In his work Tanya, the Alter Rebbe, reveals the profound esoteric secret hidden in this verse of Psalms. Within our innermost interior, we will find not only our own soul, but we will discover what constitutes that soul: “Nitzot Elokus she’bchol nefesh Yisroel/A spark of God that is in every soul of Israel” (Tanya, Igeres Hakodesh, Igeres 4). The foundation of our soul, the Alter Rebbe informs us, is a portion of God that He has concealed within us. We, and every component of our physical universe, are sparks of God that have been hidden within a material exterior in order to create a realm of multiplicity. God creates such multiplicity so that He can express His infinite nature to give, and because the light that is revealed subsequent to darkness is far more brilliant than the original light itself (as explained at length in chapter 1).

With this remarkable insight from the Alter Rebbe – that the soul is a veritable spark of God – we can answer our question of whose “face” it is that the voice of our soul directs us to seek. We are to seek our own inwardness, which is the soul that is hidden deep within us, and and when we plumb the deepest depths of our soul, we will find not only our own face, but ultimately, the very face of God! The first portion of King David’s verse, “Bakshu panai/seek my face,” and the second portion of the verse, “es panecha A-donai avakeish/Your face God I will seek,” are thus not conflicting or confounding, because they are phases of the same search and aspects of the same reality. Our essential self and God are not distinct or separate, they are One! The face of God is within you! It is your own inwardness and your deepest self!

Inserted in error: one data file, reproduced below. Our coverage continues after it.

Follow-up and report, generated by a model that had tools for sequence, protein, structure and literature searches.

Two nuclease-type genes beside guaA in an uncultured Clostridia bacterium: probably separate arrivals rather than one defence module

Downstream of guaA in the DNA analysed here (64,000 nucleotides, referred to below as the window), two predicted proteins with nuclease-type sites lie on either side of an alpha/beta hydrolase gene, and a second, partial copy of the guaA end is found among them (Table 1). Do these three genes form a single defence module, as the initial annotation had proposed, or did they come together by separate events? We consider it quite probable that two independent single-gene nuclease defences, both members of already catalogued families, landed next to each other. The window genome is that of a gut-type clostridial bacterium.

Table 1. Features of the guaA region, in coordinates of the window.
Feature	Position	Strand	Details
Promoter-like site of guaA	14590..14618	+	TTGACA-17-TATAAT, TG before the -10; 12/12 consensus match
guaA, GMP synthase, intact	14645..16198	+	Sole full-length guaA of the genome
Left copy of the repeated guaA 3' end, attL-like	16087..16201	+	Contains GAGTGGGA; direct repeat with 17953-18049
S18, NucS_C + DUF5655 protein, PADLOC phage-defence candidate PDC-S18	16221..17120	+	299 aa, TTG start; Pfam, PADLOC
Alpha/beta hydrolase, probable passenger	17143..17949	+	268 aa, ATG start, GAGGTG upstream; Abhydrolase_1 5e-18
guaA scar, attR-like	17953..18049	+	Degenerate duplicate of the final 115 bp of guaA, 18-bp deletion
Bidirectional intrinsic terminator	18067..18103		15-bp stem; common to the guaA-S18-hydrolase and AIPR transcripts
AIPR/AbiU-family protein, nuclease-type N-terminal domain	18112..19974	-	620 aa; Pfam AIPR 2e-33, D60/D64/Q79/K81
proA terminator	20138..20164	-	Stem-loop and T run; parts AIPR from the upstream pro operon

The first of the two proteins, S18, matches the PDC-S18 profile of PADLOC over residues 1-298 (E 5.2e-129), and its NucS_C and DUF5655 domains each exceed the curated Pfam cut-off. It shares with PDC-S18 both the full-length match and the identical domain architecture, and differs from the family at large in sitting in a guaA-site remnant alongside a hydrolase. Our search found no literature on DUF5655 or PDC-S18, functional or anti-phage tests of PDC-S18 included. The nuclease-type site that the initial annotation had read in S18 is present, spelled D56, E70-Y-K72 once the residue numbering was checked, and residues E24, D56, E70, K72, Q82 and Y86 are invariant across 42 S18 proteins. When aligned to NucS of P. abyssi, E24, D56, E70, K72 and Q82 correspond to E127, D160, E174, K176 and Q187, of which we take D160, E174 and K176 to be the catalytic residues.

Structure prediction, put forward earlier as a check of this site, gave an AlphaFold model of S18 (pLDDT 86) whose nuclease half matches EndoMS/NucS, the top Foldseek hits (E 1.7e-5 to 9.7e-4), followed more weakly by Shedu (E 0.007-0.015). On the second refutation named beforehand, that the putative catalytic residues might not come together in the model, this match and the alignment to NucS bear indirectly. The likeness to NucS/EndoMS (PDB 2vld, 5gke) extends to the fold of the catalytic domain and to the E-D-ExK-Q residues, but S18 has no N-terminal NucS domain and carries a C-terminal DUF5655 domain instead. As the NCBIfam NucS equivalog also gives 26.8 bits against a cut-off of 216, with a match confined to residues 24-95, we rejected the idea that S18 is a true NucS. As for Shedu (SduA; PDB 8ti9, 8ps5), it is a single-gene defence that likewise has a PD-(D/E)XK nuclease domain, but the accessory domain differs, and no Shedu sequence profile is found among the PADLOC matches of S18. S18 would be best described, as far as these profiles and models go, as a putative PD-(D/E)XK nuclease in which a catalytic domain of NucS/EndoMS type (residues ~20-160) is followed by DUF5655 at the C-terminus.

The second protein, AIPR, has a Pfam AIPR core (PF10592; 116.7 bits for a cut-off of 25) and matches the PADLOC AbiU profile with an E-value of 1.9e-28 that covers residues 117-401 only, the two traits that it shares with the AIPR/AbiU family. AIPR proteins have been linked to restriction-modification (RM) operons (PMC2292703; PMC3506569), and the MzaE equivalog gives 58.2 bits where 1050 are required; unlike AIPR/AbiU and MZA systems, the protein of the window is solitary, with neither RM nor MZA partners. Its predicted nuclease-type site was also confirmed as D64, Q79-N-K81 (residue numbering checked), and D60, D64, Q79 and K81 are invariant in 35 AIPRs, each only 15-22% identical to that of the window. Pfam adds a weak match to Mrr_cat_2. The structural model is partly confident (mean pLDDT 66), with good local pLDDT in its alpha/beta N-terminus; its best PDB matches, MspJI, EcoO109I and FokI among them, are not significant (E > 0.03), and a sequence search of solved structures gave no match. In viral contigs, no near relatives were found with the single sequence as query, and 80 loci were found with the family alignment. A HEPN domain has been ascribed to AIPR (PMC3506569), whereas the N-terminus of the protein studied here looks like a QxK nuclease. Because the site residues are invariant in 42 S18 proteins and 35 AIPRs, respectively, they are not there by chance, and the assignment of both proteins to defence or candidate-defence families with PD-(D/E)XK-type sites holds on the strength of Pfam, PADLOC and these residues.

The custom is to recite this chapter of Psalms twice a day throughout Elul and the high holidays because this realization of our Godly core is precisely the work of “teshuvah/return” that we are supposed to be engaged in at this holy time. Teshuvah is not simply “repentance” for our past failings and misdeeds. True teshuvah is “return,” peeling off all of the layers of crust that have covered our core and returning to what we ultimately are, pure Godliness.

When we find the “Pnei Hashem/face of God” within us, all of our blemishes and imperfections fall away. We move into the new year with a renewed awareness of our Godly essence, and with this awareness comes the clarity and confidence to know that Hashem will provide us everything we need in the year ahead to fulfill the divine task for which we have been created.

– Excerpted from Pnei Hashem, an introduction to the deepest depths of the human experience based on the esoteric teachings of Torah.

About the Author
Pinny Arnon is an award-winning writer in the secular world who was introduced to the wellsprings of Torah as a young adult. After decades of study and frequent interaction with some of the most renowned Rabbis of the generation, Arnon has been encouraged to focus his clear and incisive writing style on the explication of the inner depths of Torah.